All was grand until… Whenever I prayed to this deity who called me, I started receiving signs that didn’t quite match mythology regarding the Morrigan. I felt a strong urge to harvest heather and keep it near me. Thistle seeds (the white fluffy things that resemble a bigger version of dandelion seeds) started to follow me as eagerly as the crows – while naturally numerous here, it was just “too much”. They’d even enter places with me in big cities. I had visions not of the well-known black-haired deity dressed in black and red, but… a red-haired woman in a WHITE dress. That was definitely not the Morrigan! Something was very off.
That is when I saw the photo of Dùn Sgàthaich (which I compared to my drawing) on social media. The person who posted it was visiting Skye, mentioned the name of the fortress and gave a quick summary of the mythology behind it. That was the first time I ever saw the name “Sgàthach”, and a lot of things started to make sense. I started connecting the dots… Of course, my spirit guides were Pictish, not Irish! So were all the spirits who help me; thistle and heather are well-known symbols of Scotland, and it is very plausible this folklore could date back to the Pictish period. Sgàthach, like the Morrigan, relates to warfare and death, and is friends with the crows. The last piece of the puzzle was when I found that She is indeed described as a redhead in a white dress in the surviving mythology.
What does devotion to Sgàthach feel like?
In order to answer this question, I thought it would be wiser to interview a few friends who also follow this deity instead of simply presenting my own point of view. We aren’t talking about Hekate, after all. Sgàthach is pretty obscure in terms of modern devotion, there isn’t a ton of surviving info on Her, and most of the work ends up depending on personal gnosis alone. Sit down, grab a cup of tea and make yourself comfortable here in the Hut.
- Confhaol Mac Thon
A friend who goes by the warrior name Confhaol (pronounce “Konyarl”) tells me that Sgàthach is like a mother to him. In his own words, “I was taught to refer to Sgàthach as my Gentle Foster Mother. She generally presents herself to me as motherly”. He proceeded to clarify that by “motherly” he doesn’t mean nurturing. Professoral is a better word. I agree. I often compare Sgàthach to a good teacher who truly loves teaching: She will do everything to prepare Her precious students as well as possible, and keep an eye on them at all times – just like a mother. That being said, She won’t go as far as nurturing or showing affection.
His experience reflects mythology very well: one of the fundamental traits of Sgàthach is the fact She was regarded as not only a good warrior, but also an excellent instructor. This is very different from the Morrigan, who does not have the same “classroom” association.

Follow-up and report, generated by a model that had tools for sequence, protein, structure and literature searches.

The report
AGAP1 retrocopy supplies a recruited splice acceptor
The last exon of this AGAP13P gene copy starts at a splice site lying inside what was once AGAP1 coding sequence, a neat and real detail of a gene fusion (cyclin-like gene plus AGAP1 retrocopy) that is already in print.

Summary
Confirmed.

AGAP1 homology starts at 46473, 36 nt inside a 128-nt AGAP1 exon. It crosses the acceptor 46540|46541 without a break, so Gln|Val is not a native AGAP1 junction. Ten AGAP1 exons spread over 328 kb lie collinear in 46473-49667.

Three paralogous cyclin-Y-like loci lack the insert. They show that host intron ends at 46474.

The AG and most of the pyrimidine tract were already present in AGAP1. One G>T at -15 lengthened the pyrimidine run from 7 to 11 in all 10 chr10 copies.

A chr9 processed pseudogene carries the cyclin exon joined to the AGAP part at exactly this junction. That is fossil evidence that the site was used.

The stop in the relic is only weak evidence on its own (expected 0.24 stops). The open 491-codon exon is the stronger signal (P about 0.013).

Confhaol comes from a clan who literally keeps Her fortress in Skye.
He says he has always naturally had a passion for martial arts, and often incorporates devotion to Sgàthach into his practice. Similar to my own story, nobody directly told him to go find Sgàthach – he simply felt compelled to do it, so he looked for Her through the mother of his clan. I can relate, as I know the feeling of Her calling quite well: it is like a burning eagerness, almost uncontrollable, and an intuitive certainty of where exactly to go.
Her communication, he says, is mostly non-verbal, to which I can also relate pretty well. I’d go a step further and tell you that this is a very Pictish thing. All Picts in the spirit world – deities and human spirits alike – communicate non-verbally, through a “very strong intuition” which we translate into words “like telepathy”. I suspect it has to do with the fact their language is dead and wouldn’t be very useful now. More on that in a future blog post.
Another friend, whose witch name is Aurora, defines Sgàthach as a “Warrior Priestess of Fire and Queen of Picts”. I almost feel like this could be a book title! So poetic, yet straight to the point! Aurora told me a very interesting thing: Sgàthach taught her to work with the sun, instead of the moon, for energy work and witchcraft. That confirms my own experience! I have learned the same lesson from Her, and see Her as a lot more solar than lunar. So although Aurora is not a practitioner of martial arts, in contrast to myself and Confhaol, she still follows the same paradigm of solar/yang energy in her devotion.
Aurora tells me she usually sees Sgàthach while journeying to the Underworld, and the visions tend to incorporate the sea. This is another piece of personal gnosis that can be verified in mythology: Sgàthach isn’t merely a martial arts instructor; She is also a sorcerer who helps human souls cross the “veil” into the underworld after death, before reincarnating, or whatever it is that happens after we die. On a separate note, it is worth mentioning that Her fortress in Skye is by the sea. (I suspect Sgàthach and Lir are very close friends, but that goes back to unverified gnosis again). There is also a general consensus in Celtic belief that the element of water connects with the Underworld, which probably explains the sea in Aurora’s visions. In summary, we could conclude that Sgàthach uses solar energy when teaching Her craft, while also connecting with water whenever she is guiding the souls of the departed.